I am learning Italian: an interview with Anthony Amiksak

 

Thank you very much for the interview. Can you tell us a little about yourself?
In 2006 I sold my independent bookstore (Gallery Bookshop in Mendocino, California) to a long-time employee. With the sudden freedom from stress and hours in my office I decided to pick up my Italian from where I had mislaid it; and also to devote more time to playing my cello in chamber music groups, workshops, and the local orchestra. I’m having a great deal of fun these days.
What made you decide to learn Italian?
That is always the first question, and the most difficult. A bunch of factors. I got a “D” in college, and I’ve always sort of laughed about that. Then, years ago, traveling inEurope, I quickly discovered the most friendly and outgoing and patient people when I tried to speak a few words of their language consistently were the Italians, throughout the country. In recent years I’ve made Italian a real study. I’m trying to get my grammar correct while at the same time learning to listen and speak relatively fluently.
What do you think of the language?
You mean la bella lingua? Meraviglioso! I first heard it in music — allegro, vivace, tenuto; then the operas of Mozart, then the truck drivers of northernItaly. How can one not love this tongue?
What do you find interesting in learning Italian?
First and foremost for me, it’s a challenge to get it right, and it’s a never-ending challenge. There’s always more to learn and practice. As I get better, new worlds open up — I can understand some Italian TV, and people on the bus in Bologna, a law student at lunch.
What is the most difficult aspect of learning Italian?
Two things — obscure but useful verb tenses, and understanding native Italian spoken at speed. Oh yes, also pronouns.
How do you improve your Italian? Are you studying by yourself or are you taking lessons?
It’s a bunch of things. I’ve been working with Martina weekly now for about two years, and I’ve never felt better supported or better taught. Also, I do grammar review on my own; listen to Italian audio; translate and read news articles from the web; and meet with a local group of Italophiles who are studying the language together.
Have you any suggestions/tips for others learning Italian?
Find a good teacher, a native speaker who knows how to teach like Martina. Take your time, and don’t worry — non ti preoccupare. With time and exposure it will come to you. And as you learn something in the language, the next thing becomes a bit easier. If you can, spending time in Italy surrounded by Italians, not people who speak your own language, is a big help as well as incentive.
What level would you like to reach?
I don’t really have a limit — eventually I’d like to be completely fluent in Italian. Wish me luck. In bocca al lupo, as one says.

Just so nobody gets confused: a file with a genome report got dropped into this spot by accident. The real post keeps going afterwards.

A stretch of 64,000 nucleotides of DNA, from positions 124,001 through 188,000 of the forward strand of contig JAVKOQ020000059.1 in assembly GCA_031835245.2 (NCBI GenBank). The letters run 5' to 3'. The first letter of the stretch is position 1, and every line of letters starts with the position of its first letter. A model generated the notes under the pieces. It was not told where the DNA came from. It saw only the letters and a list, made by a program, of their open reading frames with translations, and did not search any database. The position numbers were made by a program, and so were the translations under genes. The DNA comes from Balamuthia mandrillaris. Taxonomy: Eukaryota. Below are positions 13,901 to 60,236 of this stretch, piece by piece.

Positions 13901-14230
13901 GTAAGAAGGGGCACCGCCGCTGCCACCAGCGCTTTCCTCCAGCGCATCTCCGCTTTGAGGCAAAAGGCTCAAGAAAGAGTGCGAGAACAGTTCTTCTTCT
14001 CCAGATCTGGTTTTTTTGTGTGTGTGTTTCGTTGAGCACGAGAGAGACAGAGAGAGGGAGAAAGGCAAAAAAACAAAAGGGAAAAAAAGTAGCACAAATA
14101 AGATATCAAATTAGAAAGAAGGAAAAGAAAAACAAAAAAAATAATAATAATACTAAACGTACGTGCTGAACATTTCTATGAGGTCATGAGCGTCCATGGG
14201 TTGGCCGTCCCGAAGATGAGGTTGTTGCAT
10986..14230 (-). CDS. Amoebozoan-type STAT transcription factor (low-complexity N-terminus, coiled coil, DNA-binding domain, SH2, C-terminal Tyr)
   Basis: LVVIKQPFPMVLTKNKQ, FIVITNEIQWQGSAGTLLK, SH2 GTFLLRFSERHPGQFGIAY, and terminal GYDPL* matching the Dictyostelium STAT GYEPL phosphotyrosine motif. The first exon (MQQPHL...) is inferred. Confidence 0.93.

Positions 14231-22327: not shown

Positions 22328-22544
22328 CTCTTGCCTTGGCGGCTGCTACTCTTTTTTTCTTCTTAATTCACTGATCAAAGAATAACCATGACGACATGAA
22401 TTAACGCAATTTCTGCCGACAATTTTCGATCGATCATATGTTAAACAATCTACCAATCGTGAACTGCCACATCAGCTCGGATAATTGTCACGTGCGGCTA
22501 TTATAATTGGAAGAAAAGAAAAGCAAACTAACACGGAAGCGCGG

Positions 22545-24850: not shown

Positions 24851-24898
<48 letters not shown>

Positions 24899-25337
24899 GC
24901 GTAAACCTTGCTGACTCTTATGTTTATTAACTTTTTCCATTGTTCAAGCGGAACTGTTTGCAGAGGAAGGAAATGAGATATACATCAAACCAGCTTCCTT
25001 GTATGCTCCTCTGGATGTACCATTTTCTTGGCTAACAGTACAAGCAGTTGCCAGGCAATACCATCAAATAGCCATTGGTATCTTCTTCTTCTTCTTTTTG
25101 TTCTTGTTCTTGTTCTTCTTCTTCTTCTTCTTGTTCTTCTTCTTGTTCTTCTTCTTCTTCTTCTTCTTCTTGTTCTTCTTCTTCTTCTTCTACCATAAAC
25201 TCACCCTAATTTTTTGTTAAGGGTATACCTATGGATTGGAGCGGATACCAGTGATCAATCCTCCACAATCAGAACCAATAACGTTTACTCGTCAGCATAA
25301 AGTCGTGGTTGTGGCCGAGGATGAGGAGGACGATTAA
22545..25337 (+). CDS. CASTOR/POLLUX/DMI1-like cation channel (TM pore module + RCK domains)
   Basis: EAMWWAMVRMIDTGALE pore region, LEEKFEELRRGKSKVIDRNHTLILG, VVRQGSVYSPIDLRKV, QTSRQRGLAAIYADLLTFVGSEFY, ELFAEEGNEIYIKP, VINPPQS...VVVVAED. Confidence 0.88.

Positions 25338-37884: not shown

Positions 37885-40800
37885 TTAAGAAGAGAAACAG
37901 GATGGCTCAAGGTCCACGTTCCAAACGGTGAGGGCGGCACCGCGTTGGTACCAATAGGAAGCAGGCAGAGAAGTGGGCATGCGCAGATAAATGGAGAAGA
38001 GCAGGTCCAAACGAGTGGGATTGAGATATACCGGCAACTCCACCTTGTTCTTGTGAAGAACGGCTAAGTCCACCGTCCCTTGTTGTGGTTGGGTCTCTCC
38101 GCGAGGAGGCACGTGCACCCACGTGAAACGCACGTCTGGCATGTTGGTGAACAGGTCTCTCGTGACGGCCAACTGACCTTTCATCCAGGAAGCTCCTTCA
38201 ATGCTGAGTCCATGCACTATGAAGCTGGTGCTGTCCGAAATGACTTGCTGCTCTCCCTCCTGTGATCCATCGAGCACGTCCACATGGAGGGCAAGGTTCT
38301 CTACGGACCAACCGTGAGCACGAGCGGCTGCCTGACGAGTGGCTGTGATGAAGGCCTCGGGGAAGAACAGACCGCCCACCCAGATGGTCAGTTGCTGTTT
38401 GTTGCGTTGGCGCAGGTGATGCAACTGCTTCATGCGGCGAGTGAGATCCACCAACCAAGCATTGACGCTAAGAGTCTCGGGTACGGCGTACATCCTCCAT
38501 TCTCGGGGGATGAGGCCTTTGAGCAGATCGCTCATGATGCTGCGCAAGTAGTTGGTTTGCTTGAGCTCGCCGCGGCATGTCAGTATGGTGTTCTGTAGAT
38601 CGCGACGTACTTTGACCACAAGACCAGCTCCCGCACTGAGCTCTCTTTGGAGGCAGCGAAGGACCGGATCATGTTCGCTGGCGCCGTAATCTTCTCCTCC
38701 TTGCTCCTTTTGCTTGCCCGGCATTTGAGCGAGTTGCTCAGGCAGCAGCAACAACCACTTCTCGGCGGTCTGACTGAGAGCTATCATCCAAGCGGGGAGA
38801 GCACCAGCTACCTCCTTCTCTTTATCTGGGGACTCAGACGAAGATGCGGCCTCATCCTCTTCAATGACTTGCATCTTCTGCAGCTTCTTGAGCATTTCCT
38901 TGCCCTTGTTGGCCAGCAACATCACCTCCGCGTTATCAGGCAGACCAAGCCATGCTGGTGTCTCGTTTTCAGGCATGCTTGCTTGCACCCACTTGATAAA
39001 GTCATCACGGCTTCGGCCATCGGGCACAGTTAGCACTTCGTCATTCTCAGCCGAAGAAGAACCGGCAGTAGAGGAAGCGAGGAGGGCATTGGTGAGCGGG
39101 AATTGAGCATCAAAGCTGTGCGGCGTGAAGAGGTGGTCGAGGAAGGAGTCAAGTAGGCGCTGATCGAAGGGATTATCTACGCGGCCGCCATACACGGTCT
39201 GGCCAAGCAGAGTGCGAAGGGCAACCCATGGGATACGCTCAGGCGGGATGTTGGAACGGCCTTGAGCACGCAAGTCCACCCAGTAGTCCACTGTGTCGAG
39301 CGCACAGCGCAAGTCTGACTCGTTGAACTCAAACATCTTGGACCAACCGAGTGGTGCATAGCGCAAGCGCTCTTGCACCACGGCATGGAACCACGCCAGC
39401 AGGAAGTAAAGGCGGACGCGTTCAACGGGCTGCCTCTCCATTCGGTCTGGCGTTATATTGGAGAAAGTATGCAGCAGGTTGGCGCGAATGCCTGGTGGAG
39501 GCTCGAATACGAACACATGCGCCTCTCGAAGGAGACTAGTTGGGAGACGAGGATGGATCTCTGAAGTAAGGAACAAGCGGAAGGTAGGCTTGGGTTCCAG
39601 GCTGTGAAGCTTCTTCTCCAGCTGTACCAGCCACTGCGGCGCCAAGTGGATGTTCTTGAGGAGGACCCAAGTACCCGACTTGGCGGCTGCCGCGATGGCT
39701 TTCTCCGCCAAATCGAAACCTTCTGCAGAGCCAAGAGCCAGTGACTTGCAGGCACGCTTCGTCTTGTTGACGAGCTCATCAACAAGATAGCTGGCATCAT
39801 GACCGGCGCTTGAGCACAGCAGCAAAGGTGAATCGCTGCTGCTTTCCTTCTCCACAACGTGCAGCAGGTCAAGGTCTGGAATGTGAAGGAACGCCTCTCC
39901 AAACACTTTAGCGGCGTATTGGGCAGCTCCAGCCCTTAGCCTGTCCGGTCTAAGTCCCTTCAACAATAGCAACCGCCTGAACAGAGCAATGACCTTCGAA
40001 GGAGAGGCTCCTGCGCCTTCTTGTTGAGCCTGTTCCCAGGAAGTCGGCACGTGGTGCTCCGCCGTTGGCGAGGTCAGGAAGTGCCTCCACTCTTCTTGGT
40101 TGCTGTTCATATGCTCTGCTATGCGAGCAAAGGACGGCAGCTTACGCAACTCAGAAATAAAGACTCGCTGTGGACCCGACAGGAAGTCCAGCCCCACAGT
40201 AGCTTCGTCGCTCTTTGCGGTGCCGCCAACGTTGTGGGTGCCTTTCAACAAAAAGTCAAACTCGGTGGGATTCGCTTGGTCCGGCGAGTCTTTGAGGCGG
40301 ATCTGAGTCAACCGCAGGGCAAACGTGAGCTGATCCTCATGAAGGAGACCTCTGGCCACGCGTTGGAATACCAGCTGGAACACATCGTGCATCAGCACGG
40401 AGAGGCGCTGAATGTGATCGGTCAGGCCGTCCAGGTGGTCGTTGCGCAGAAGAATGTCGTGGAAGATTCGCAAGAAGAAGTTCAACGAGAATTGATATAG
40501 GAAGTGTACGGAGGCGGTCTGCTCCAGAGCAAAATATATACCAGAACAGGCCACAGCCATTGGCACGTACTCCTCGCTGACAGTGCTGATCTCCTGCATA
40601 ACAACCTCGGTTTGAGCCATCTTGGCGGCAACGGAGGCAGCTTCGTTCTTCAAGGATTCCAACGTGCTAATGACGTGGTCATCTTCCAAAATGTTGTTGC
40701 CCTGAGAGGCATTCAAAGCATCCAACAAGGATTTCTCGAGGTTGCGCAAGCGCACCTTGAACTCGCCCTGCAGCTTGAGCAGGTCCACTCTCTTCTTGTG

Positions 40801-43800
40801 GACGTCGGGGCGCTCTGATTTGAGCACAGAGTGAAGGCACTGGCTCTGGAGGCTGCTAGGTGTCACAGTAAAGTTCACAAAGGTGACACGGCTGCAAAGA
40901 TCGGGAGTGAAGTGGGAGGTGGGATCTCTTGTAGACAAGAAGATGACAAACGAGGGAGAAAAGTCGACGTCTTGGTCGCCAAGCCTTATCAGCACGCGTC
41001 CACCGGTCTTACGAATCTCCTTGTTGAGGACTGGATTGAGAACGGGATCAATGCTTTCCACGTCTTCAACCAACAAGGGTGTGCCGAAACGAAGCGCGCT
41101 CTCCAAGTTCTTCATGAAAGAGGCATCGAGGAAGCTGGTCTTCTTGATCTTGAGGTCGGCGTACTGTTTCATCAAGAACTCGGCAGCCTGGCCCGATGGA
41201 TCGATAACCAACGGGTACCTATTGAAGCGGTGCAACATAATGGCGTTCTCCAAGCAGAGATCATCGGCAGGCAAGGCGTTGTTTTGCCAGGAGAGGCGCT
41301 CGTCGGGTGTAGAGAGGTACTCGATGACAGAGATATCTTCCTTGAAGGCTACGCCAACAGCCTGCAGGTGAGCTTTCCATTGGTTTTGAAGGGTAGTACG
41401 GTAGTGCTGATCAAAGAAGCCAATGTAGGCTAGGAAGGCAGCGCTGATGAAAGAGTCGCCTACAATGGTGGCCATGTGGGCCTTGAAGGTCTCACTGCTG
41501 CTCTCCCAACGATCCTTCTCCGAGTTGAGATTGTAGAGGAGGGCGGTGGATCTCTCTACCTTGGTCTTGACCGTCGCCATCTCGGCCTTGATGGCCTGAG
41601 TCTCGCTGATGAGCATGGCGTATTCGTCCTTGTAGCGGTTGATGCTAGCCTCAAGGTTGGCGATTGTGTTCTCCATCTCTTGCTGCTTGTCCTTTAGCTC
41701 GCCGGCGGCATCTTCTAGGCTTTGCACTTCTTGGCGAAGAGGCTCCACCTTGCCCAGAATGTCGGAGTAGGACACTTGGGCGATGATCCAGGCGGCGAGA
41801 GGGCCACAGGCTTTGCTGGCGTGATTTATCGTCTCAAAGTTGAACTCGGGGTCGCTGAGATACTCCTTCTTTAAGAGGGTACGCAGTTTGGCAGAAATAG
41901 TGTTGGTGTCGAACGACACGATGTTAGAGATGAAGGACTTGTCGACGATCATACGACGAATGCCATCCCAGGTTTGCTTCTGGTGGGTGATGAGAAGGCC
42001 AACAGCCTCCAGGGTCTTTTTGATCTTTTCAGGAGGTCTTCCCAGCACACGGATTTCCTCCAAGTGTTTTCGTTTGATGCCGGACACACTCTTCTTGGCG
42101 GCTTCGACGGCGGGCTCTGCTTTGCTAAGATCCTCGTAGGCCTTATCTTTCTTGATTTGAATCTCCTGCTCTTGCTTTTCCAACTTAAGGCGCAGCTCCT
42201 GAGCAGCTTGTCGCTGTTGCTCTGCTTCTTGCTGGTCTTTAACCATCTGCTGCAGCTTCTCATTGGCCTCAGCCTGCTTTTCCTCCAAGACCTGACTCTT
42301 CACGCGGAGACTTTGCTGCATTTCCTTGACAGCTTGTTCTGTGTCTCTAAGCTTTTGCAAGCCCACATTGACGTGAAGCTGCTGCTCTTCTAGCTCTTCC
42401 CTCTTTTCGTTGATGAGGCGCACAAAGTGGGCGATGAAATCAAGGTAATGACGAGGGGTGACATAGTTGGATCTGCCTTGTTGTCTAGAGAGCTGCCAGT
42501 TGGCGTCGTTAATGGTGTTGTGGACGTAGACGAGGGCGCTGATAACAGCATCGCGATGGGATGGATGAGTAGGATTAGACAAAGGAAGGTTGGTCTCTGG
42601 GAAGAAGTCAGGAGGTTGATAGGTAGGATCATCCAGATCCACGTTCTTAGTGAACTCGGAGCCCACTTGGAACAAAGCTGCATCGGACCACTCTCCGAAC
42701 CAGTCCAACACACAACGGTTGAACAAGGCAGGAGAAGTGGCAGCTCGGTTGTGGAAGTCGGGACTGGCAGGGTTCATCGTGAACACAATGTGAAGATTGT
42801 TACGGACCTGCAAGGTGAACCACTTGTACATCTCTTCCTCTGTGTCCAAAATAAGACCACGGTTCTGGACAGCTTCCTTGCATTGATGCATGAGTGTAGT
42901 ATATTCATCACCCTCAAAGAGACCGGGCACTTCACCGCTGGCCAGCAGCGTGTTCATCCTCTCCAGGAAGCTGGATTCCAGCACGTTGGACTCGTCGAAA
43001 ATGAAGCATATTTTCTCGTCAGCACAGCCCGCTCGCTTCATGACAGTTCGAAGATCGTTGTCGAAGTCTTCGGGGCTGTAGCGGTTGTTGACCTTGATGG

I am learning Italian: an interview with Charlie Hew

 

Thank you very much for the interview. Can you tell us a little about yourself?
Sure. I am Charlie Hew, 54 , an australian doctor with a passion for  the Italian and French culture and language. I am doing a Bachelor of Languages, externally with UNE. I am married, with 4 children, with all of them able to speak another language besides English. My wife, also speaks French and Italian, and as a matter of fact is doing the same degree, externally.
What made you decide to learn Italian?
As I said, I have a passion for European languages and combined with my love of travel, learning Italian was just a natural progression.
What do you think of the language?
I love its musical quality, and how one can express so much passion when speaking the language.
What do you find interesting in learning Italian?
It is the whole experience of the culture, the people, and  their personalities which comes from just learning a foreign language.
What is the most difficult aspect of learning Italian?
Coming from the angle of learning the language as an external student, the actual oral production of the language is the most difficult. The opportunity to speak the language with native speakers is often difficult , and hence the Skype lessons with Martina is a great boost.
How do you improve your Italian? Are you studying by yourself or are you taking lessons?
I try to dedicate some time every day to study and have just started listening to the Italian news online. Of course, the weekly lesson with Martina on Skype  is essential to keep you honest and I listen to Italian podcasts whilst I drive to work.
Have you any suggestions/tips for others learning Italian?
Lessons with an Italian teacher on Skype, private lessons at local university or language school and daily contact with the language, even if it is only for 5-10 mins. I feel consistency is the key to fluency.
What level would you like to reach?
Like the dream of any language student, to speak like a native speaker!